Most of the songs are good unlike what Amazon had to say. Actually I found that the "Gets Me Through" single isn't as good as the rest of the album. The second song, "Facing Hell" is good. It contains a good guitar rhythum. "Dreamer" is a ballad of sorts like "Momma I'm Coming Home" was. "No Easy Way Out" totally rocks with a cool guitar riff going on. In fact that song was a seller in itself to a friend of mine. "That I Never Had" is pretty good. Decent guitar rhythums. "You Know...(Part 1) is a short light song of what about I don't know. Confused on that one.
"Junkie" is pretty good as well. "Running Out of Time" starts out kinda like an acoustical ballad, but then electrifies later on in the song and is actually quite interesting. The last three songs, "Black Illusion", "Alive", and "Can You Hear Them?" all are excellent rockers. Great guitar rhythums and solos.
The only thing I found strange was that the "clean" distinguishable bass sound is not at all prevalent in this album as I believe the bass is used quite a lot in a rhythum guitar mode.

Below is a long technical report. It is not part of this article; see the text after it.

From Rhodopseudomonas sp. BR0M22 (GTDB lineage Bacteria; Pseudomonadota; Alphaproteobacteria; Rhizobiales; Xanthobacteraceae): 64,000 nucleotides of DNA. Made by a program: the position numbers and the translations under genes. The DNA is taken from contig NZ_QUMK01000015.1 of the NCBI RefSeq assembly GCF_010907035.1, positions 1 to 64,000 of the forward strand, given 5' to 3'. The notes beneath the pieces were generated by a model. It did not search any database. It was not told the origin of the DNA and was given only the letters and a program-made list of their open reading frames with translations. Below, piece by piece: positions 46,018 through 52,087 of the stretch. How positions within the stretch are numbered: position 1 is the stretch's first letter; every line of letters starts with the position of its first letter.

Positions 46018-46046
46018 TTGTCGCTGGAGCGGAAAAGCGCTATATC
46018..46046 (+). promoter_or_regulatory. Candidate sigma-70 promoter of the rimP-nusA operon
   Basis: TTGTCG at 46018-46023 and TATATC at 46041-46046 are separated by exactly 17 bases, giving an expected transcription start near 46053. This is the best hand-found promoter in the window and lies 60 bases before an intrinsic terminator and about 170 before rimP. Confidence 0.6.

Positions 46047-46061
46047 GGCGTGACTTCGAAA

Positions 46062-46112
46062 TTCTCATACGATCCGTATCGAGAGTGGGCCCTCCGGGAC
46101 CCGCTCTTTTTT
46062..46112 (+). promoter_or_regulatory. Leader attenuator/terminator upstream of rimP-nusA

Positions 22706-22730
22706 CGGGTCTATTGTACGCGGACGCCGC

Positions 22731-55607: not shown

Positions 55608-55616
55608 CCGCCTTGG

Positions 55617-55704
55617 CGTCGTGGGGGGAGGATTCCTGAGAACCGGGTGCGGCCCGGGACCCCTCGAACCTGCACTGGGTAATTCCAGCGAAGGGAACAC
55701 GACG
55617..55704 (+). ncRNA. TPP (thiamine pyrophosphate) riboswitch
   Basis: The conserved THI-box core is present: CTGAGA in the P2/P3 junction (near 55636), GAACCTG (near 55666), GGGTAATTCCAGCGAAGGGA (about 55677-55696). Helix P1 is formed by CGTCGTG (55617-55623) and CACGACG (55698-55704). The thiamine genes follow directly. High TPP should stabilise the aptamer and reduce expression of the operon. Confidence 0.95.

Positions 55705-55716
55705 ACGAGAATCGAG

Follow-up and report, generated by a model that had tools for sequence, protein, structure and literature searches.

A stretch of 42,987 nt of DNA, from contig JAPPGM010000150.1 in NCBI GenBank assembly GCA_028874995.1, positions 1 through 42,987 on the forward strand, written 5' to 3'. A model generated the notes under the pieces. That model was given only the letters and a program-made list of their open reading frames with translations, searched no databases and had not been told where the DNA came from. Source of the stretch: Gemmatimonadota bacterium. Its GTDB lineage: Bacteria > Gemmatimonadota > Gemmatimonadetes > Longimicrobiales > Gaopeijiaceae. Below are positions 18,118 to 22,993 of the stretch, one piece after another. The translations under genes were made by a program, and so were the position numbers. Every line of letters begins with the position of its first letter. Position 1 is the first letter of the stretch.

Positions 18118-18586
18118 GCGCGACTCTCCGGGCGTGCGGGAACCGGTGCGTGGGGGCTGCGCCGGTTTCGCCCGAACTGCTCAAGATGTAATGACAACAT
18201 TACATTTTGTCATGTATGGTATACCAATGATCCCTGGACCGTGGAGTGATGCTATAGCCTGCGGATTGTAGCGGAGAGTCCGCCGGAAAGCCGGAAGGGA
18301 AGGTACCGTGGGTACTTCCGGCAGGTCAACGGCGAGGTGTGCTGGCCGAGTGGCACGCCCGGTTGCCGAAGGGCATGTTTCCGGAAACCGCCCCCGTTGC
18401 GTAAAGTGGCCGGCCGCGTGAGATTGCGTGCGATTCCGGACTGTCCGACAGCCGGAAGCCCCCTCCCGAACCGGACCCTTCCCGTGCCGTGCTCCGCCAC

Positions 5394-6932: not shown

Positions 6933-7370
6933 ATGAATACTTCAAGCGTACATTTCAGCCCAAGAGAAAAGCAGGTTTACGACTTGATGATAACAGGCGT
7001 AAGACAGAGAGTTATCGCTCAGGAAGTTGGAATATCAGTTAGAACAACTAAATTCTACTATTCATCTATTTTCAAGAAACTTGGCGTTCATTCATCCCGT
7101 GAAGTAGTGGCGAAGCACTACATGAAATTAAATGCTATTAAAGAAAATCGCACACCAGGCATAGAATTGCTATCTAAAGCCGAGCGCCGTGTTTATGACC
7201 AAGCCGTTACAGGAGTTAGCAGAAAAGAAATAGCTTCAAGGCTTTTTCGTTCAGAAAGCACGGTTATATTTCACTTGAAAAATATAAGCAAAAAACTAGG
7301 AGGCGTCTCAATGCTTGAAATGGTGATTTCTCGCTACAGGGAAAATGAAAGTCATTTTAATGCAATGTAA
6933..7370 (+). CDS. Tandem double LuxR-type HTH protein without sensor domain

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Format: Audio CD Verified Purchase
We are in dire need of artists like Osbourne today. "Down To Earth" proves that a man over 50, with kids, can still rock hard and have something to say. Where is Mr. Osbourne on the radio?? Do we only get to hear old Black Sabbath and "Crazy Train"? As Ozzy shows us here, he has more to offer such as "Get Me Through", "Facing Hell", "Dreamer" and "Junkie". Ozzy needs to put these bland musicmakers like Creed, Nickleback, Staind, Lifehouse and Tool six feet under, R.I.P. One more thing Ozzy has going for him and his music unlike all these new bands--HUMOR! Open up the cd booklet and you can tell he doesn't take himself all that seriously! It's refreshing to have an old friend like Ozzy back again. Now if we could only get him to create more albums more often...
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By A Customer on October 24, 2001
Format: Audio CD
Now, sure, some may argue that No More Tears wasn't the best Ozzy album ever, but I'll go on record as saying Zakk Wylde made that album as hot as it was.
Well, Zakk's back - and so is Ozzy, in a big way. Backed up by Robert Trujillo (Suicidal Tendencies) on bass and Mike Bordin (Faith No More) on drums, Ozzy's got an amazingly tight and solid band behind him.
The plain, simple truth is that Zakk is the best metal guitarist on the scene right now. After the two studio albums from his Black Label Society, this is pretty much undeniable. Combined with the distinctive voice of Ozzy, the two of them create a signature sound that is instantly recognizable and very, very welcome amidst the dredge of rap-rock that's on the radio nowadays.
You will not be disappointed by this album.